So here we are, entering another year -- and no doubt at some point during this year, more than one person will declare it the "year of the Linux desktop". Of course it won't happen and those who consider themselves free software opponents will soon let us know. Some things will never change. That said, is there any reason to suspect it might be different this year? Is it possible that the current economic climate is better placed to generate a significant growth in free desktops? Can the cloud of economic gloom have a silver lining for free software?
They who can give up essential liberty to obtain a little temporary safety, deserve neither liberty nor safety (Benjamin Franklin)
All manner of campaigns have been tried to persuade Windows users to make the switch to GNU/Linux and every year is heralded as the year of GNU/Linux on the desktop. Whether these things come to pass or not only time will tell, but the latest electronic assault on the integrity of computers which emanates from the British Government via a European directive might just tilt the balance in favour of free and open software. I suspect however that the hard-core Redmondnites will blunder on as usual making the internet a gold mine for any individual, corporation or government maliciously inclined to steal or plant information your computer. So, what exactly is warrantless intrusion?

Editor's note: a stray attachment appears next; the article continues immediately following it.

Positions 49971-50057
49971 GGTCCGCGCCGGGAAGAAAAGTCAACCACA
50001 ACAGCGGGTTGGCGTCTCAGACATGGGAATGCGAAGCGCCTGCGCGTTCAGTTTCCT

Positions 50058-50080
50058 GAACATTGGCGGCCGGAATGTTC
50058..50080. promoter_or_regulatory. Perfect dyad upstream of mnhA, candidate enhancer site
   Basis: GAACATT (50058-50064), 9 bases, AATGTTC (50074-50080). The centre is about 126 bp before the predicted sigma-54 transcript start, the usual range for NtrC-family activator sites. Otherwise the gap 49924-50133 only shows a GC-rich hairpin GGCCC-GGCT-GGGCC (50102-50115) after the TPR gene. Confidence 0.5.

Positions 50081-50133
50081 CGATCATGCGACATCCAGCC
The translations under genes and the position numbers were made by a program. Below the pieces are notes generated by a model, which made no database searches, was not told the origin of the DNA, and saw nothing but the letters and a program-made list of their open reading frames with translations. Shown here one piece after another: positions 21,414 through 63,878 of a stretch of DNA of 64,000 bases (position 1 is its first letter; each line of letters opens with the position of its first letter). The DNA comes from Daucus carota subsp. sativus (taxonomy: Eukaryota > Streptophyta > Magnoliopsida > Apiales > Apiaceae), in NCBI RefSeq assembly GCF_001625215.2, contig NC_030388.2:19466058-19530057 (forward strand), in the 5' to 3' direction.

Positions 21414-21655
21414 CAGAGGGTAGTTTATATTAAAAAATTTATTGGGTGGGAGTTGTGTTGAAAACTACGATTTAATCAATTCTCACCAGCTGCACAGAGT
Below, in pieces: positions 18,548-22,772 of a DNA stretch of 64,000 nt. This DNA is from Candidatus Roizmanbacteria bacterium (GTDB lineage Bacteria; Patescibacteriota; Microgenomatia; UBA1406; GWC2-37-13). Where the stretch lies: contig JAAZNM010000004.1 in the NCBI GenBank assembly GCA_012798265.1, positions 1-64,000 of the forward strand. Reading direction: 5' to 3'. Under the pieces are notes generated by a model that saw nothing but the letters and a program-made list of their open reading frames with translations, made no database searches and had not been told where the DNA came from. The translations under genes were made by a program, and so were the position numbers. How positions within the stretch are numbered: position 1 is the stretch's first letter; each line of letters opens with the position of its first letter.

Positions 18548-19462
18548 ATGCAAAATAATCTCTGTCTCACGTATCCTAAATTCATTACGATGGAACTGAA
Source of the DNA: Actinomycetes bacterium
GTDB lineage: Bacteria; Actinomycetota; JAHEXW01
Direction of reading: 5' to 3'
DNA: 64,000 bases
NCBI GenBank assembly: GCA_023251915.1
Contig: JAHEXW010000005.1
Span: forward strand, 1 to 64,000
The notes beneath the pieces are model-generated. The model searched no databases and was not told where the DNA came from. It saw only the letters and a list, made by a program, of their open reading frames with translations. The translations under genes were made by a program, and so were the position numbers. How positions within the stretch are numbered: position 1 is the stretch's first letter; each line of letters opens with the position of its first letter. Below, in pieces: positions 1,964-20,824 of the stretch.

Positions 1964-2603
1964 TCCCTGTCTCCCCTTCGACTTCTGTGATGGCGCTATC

Free software advocacy is something I do -- both for a living and as a hobby. Over the years I've gleaned a few best practice tips and I thought I'd pass them on. They may not all work or even be applicable in your case, but I have found then all useful at some time or other. They are in no particular order and in my opinion carry equal amounts of weight.
Microsoft's recent multi-million dollar advertising campaign has been driving me nuts. Suddenly splashed across my TV screen is some clueless person claiming "I'm a PC". No where during the advert is any actual software or hardware shown - somewhat reminiscent of the old OS/2 adverts...
Its an attempt to define freedom in a general way and why freedom is very essential. Visit:- http://ithinkless.blogspot.com/2008/07/when-do-we-actually-define-freedom.html
A recent attack piece against Richard Stallman was written by Linus Torvalds on the eve of Obama's election.
Black and white by Linus Torvalds
Linus begins with this: